End Of Tax Season Means Time To Get Busy

I haven’t been writing to you during the course of the past couple months because I know how busy you have been with tax season (and if you weren’t that busy, then we should talk!).

Now that all of us are wrapping up tax season, however, it’s time to think about what you want to accomplish for the remainder of this year.

It’s so easy to just sit back and take a breather from it all, but right now is the time to begin big, wonderful, and potentially scary things.

Why is this? Because you’ve been working your tail off for two straight months, which means you have MOMENTUM. You’re in a position right now that is enviable from a business perspective: You’ve gotten used to the longer hours, time away from family,
missing your favorite TV shows.

This means that NOW really is the time to launch new marketing initiatives, push your firm into new practice areas, offer even greater value to your existing clients.

If your entire practice is return preparation based, then this is even more important for you to think about: What other services of value can you offer your clients through the rest of the year? You JUST had close contact with your clients, NOW is the time to solidify that relationship going forward.

Now that I’m starting up the newsletter again, we’re going to explore this issue in greater depth here over the next couple weeks on this exact topic. This is such a critical time of year for all of our practices, so don’t be surprised if you start hearing from me daily or almost daily.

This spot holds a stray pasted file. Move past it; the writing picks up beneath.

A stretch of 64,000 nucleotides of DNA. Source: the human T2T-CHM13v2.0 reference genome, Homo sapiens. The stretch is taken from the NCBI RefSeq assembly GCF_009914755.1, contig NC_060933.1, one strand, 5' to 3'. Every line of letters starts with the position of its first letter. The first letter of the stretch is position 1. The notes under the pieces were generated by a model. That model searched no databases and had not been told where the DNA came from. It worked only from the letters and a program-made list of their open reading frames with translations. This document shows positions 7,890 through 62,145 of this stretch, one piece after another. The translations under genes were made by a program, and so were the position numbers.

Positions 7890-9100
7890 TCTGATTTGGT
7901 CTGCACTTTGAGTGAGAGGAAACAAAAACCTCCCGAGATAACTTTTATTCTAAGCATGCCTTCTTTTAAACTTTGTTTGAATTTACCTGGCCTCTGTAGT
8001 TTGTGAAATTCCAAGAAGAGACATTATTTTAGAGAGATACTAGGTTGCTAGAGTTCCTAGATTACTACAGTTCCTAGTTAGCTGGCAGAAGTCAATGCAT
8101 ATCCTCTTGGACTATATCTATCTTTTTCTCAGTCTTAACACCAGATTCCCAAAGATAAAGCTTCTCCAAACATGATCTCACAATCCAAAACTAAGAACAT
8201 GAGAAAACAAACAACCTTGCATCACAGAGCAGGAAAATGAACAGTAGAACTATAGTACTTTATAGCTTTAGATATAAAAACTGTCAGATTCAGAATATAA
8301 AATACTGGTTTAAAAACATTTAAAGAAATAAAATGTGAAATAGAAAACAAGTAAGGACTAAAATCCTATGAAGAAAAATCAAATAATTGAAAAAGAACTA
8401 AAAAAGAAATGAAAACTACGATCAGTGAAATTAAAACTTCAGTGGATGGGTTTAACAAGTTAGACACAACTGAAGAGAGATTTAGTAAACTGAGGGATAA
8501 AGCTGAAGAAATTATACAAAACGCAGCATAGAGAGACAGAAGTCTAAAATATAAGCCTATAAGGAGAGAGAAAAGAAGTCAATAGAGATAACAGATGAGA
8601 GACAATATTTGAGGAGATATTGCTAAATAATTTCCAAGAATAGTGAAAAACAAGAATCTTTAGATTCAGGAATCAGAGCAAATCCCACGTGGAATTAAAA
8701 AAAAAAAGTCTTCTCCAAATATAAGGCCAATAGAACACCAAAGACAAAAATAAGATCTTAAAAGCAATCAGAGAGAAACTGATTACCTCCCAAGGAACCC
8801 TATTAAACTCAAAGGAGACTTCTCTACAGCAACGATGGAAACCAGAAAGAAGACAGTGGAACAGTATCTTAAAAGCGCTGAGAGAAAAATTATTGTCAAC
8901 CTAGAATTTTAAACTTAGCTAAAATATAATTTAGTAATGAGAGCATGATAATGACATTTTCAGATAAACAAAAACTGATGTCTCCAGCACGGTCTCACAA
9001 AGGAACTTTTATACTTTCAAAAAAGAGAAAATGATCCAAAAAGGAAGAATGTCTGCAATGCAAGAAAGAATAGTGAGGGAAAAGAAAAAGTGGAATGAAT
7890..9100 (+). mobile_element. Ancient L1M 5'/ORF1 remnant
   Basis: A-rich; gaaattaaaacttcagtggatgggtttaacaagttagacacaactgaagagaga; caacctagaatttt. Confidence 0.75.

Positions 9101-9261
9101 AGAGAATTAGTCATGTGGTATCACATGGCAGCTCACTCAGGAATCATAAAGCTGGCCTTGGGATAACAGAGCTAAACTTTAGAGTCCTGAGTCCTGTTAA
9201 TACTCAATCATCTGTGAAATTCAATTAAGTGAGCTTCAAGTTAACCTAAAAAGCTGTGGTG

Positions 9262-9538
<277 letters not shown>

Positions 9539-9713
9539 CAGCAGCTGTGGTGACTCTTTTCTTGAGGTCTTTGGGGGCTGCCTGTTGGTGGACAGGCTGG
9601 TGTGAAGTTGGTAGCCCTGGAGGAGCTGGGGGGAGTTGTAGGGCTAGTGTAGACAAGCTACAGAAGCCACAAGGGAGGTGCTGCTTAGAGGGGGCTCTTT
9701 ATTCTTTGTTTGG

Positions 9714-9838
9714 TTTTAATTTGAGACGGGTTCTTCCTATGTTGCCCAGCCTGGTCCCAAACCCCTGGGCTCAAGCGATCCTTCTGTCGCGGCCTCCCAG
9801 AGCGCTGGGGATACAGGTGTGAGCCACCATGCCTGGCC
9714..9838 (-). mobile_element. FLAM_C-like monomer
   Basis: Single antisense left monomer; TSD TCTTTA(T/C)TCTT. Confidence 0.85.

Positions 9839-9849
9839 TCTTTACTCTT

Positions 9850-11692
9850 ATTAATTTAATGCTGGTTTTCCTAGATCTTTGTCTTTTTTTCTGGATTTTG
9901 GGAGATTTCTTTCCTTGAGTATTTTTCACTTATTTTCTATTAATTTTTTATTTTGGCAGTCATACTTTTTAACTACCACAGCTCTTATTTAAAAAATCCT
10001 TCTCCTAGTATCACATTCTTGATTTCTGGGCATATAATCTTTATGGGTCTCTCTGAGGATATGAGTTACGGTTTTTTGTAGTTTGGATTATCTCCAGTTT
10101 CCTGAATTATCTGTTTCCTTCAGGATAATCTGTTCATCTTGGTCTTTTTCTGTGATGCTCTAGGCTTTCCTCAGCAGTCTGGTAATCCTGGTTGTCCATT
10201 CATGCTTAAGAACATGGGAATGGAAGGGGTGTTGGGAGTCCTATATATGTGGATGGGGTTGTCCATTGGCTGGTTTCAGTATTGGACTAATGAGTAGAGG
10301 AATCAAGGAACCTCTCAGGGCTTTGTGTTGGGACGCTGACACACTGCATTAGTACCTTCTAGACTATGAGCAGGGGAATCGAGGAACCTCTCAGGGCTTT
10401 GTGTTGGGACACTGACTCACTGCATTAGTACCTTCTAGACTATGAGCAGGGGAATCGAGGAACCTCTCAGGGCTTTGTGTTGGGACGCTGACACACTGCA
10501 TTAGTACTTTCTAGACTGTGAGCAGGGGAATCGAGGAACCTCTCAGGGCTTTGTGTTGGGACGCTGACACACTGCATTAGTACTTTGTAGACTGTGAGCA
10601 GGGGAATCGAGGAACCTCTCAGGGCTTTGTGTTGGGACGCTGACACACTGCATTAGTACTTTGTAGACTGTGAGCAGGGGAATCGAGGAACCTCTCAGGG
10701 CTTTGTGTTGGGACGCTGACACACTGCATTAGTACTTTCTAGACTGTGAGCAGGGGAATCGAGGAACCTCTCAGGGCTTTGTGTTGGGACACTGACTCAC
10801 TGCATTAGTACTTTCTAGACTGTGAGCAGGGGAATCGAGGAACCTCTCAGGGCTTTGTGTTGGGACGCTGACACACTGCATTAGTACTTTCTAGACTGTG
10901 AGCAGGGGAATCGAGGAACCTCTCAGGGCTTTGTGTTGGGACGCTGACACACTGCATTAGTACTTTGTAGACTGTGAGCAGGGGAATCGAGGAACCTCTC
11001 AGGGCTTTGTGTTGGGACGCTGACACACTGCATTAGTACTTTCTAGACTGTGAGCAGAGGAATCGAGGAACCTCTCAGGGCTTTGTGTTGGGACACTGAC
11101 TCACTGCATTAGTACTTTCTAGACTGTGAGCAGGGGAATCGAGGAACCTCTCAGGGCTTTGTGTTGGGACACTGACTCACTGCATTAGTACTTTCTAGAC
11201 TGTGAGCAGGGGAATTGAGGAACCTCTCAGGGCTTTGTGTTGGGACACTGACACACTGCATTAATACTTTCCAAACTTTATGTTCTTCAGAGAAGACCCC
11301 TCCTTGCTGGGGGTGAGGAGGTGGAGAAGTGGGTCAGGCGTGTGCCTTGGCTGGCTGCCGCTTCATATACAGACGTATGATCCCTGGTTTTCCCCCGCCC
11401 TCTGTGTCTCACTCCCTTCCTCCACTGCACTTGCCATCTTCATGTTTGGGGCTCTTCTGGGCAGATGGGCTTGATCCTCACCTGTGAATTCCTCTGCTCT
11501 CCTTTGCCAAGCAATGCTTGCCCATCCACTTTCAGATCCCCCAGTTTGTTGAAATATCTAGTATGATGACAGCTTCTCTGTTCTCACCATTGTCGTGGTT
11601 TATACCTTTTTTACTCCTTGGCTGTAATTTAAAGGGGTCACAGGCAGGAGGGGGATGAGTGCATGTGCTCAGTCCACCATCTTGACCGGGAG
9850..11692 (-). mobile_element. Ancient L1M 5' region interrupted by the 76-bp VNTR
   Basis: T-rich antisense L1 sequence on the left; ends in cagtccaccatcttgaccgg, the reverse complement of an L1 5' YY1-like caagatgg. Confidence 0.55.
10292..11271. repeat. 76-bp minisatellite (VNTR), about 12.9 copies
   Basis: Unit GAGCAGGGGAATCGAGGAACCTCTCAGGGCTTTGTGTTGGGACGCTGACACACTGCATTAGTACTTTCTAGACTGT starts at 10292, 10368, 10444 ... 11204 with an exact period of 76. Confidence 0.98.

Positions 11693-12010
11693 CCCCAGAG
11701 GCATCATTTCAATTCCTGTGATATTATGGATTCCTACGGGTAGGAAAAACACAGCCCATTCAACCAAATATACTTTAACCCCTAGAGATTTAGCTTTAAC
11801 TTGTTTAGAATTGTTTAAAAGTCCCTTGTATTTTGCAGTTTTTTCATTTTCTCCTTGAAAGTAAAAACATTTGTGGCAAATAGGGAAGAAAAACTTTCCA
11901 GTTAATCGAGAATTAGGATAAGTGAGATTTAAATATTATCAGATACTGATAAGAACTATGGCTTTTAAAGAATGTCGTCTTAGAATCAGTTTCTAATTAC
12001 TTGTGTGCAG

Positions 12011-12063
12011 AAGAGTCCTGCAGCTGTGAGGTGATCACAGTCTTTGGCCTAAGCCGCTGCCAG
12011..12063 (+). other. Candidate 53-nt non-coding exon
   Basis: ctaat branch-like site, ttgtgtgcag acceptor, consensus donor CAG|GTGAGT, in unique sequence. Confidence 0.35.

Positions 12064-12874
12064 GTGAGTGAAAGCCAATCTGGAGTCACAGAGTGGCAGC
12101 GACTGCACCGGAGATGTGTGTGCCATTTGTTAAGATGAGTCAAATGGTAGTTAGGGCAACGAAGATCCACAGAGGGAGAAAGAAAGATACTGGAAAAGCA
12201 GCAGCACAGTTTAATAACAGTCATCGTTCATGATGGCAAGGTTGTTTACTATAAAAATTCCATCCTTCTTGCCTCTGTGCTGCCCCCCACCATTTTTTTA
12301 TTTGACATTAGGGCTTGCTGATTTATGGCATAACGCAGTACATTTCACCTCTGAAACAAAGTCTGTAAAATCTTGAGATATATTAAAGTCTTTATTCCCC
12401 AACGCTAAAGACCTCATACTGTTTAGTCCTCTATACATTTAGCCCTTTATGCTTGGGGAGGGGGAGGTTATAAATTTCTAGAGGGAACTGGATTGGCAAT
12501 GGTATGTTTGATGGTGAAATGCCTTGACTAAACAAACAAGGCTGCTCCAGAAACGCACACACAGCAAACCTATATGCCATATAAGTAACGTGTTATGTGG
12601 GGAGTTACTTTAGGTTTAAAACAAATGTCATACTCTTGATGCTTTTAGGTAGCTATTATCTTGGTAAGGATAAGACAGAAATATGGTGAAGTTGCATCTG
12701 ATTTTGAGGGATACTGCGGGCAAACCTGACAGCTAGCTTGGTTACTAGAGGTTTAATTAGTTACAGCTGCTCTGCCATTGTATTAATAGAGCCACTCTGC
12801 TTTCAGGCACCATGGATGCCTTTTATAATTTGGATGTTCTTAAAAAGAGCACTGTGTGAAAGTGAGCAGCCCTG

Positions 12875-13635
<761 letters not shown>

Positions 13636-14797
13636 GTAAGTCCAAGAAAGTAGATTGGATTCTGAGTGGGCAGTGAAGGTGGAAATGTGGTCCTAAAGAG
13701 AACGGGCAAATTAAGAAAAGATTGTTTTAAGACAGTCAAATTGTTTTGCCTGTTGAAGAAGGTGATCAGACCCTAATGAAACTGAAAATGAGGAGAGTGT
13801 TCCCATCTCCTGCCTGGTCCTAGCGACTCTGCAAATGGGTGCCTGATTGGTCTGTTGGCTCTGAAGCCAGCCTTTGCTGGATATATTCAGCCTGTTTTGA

Let’s continue the momentum of tax season, and make 2012 a record year!… Continue reading

Stop Hitting Yourself: The Conundrum of IRS Collections

Note: This is a guest post written by an attorney that formerly worked in the tax resolution industry, and later went on to work with the US Attorney’s Office. He has asked to remain anonymous, but wanted to share some personal insights about the IRS Collections process.

For those that don’t work much with the Collections Division of the Internal Revenue Service, there is a stigma attached to both the methods and people involved. On one side, the IRS is seen as bullying taxpayers, especially the “little old ladies” and the “working men.” On the other side, the taxpayers are seen as being inadequate business people and as “stealing” from the government. Is the IRS an evil organization created by bureaucrats to systematically take the wealth of it’s citizens? Are the individuals caught up in the system evildoers needing to brought to justice? Both statements are a little extreme.

In all reality, the Collections Division of the IRS does not care where the money goes. Sometimes, it does not even care if it gets it. It, like many administrative agencies, seems more caught up it’s own procedures. Anyone having worked with the IRS might wonder if they are on a fool’s errand, considering how many of the installment agreements entered into by the IRS default.

The Collections Division is concerned primarily about getting taxes that should have been paid, but were not (a.k.a. “the tax gap”). These can be personal income taxes, employment taxes, trust fund recovery penalties, corporate income taxes, etc… The majority of this collections is done in a civil (i.e. non-criminal) setting. Within this context, there are common dilemmas that rear their heads every day, especially with regards to employment (withholding and FICA) taxes.